Browsed by
Month: August 2011

Homemade Sour Cream

Homemade Sour Cream

Until recently I had no idea how easy it is to make your own sour cream. So far, this costs about the same amount as store-bought sour cream, but there are some advantages that make it worth it, and there may be a trick to make it cheaper (I’ll explain that part later).

Sour cream is supposed to have live, active cultures, like yogurt. When you make your own you know that it does (if it doesn’t, it won’t turn into sour cream). This makes it good for your digestion, which is a great thing in any food item. If you’re the kind of person that wants to know exactly what is in their food, making your own will put your mind at ease, too. Not to mention, it’s very easy to make and you can impress your friends.


¼ cup buttermilk
1 cup heavy cream (or milk)


Find a clean glass jar with a lid. I save mine when I buy sauces and such. Boil some water, pour it into the jar, swish it around, and dump it out. Clean the lid in a similar fashion.

Put the buttermilk and cream in the jar, put the lid on, and shake it up until it’s mixed up real good. Set it on the counter or on top of your fridge, cover with a dishtowel, and let it sit up to 24 hours, undisturbed. To check it, tilt the jar. It should have thickened. Refrigerate before serving.

That’s it. You’re done. You now have sour cream! Who would have guessed it was that easy. You should try it at least once, just because you can.


The buttermilk must have live cultures. The cultures in buttermilk die off over time, so if it’s almost out-of-date it may not work.

Your sour cream will be thicker than your liquid no matter what, but if you use plain, whole milk it will still be pretty runny. Heavy cream seems to create a nice consistency, still not as thick as I would prefer, but thick enough to use on burritos without a runny mess. However, heavy cream is expensive.

Adding powdered milk may be the key to getting thicker, stiffer sour cream, and saving money. I know it works with homemade yogurt (I’ll post my recipe for that soon). I haven’t tried it in sour cream yet, but I will.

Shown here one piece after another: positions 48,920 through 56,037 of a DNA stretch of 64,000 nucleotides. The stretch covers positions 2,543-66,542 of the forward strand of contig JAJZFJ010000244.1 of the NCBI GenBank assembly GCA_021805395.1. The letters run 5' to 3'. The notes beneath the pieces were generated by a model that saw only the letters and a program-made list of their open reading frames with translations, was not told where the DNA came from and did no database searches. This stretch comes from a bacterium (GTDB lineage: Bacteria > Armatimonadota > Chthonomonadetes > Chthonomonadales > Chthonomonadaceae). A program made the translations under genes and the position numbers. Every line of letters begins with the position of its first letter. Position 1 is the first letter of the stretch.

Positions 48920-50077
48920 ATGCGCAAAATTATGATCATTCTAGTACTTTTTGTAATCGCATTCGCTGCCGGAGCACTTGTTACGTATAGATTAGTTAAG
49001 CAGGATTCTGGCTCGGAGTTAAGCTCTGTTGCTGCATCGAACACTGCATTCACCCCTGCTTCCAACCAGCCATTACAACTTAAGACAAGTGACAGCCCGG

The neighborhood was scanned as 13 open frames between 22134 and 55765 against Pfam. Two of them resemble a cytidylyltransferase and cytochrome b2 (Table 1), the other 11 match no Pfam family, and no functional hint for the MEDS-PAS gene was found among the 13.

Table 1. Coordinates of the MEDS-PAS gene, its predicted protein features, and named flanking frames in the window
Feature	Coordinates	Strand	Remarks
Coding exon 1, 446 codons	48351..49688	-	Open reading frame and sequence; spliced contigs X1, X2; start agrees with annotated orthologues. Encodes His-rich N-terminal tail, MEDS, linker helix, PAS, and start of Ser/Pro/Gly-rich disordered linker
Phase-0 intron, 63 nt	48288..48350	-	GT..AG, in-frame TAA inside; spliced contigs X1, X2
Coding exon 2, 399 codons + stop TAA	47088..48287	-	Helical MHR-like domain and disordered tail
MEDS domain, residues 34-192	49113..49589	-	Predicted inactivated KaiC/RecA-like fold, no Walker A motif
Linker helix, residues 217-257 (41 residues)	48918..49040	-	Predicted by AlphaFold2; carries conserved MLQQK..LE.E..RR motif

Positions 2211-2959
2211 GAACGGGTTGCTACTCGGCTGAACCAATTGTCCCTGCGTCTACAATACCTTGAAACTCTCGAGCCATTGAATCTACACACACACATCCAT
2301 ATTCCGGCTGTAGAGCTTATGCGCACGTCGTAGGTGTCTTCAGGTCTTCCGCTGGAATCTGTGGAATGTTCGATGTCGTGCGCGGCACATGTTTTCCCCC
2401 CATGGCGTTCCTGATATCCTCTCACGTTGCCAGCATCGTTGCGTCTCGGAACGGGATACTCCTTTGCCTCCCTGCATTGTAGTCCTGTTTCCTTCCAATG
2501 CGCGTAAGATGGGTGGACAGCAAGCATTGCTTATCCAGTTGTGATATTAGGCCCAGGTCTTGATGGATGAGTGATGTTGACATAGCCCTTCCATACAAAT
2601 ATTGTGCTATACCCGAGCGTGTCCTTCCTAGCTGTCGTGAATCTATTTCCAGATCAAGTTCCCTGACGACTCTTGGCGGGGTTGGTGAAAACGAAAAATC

New Potatoes

New Potatoes

I love new potatoes. They are one of the few foods that really come off well with almost no preparation.

The easiest way to serve them is to simply rinse the potatoes and steam them whole with the skins on. When they are on your plate, cut them open with a fork, sprinkle on a little salt, and you have a wonderful dish.

The other day I decided to get a little fancier with it (I had some homemade chicken broth that I needed to use up, that was too salty, so used that and did not need to add salt).

New potatoes, whole, rinsed, with skins on
One or two carrots, rinsed, ends cut off, broken into halves or smaller
Chicken broth
Bacon, cooked, cut up (I used kitchen scissors)
Onion powder

Place all ingredients in a sauce pan and boil gently until the potatoes are fork tender. You do not have to use enough broth to cover the potatoes. If your broth cooks away before the potatoes are tender, add water and keep cooking.

Cold Green Beans and Tomatoes: Easy, Yummy, Perfect for Summer!

Cold Green Beans and Tomatoes: Easy, Yummy, Perfect for Summer!

This is a dish I used to make often, but hadn’t made in years. I made it again the other day and I was very pleased. There is no cooking involved, so it’s perfect for hot weather.

Combine in a glass bowl:

1 can French cut green beans, drained
1 can diced tomatoes, with juice (I prefer petite diced)
About ½ medium, white onion, diced
Several cloves raw garlic, minced

Cover and refrigerate to bring out the flavors. I let mine sit in the fridge for a few days this time, but you could serve it in just a few hours, or even right away in a pinch.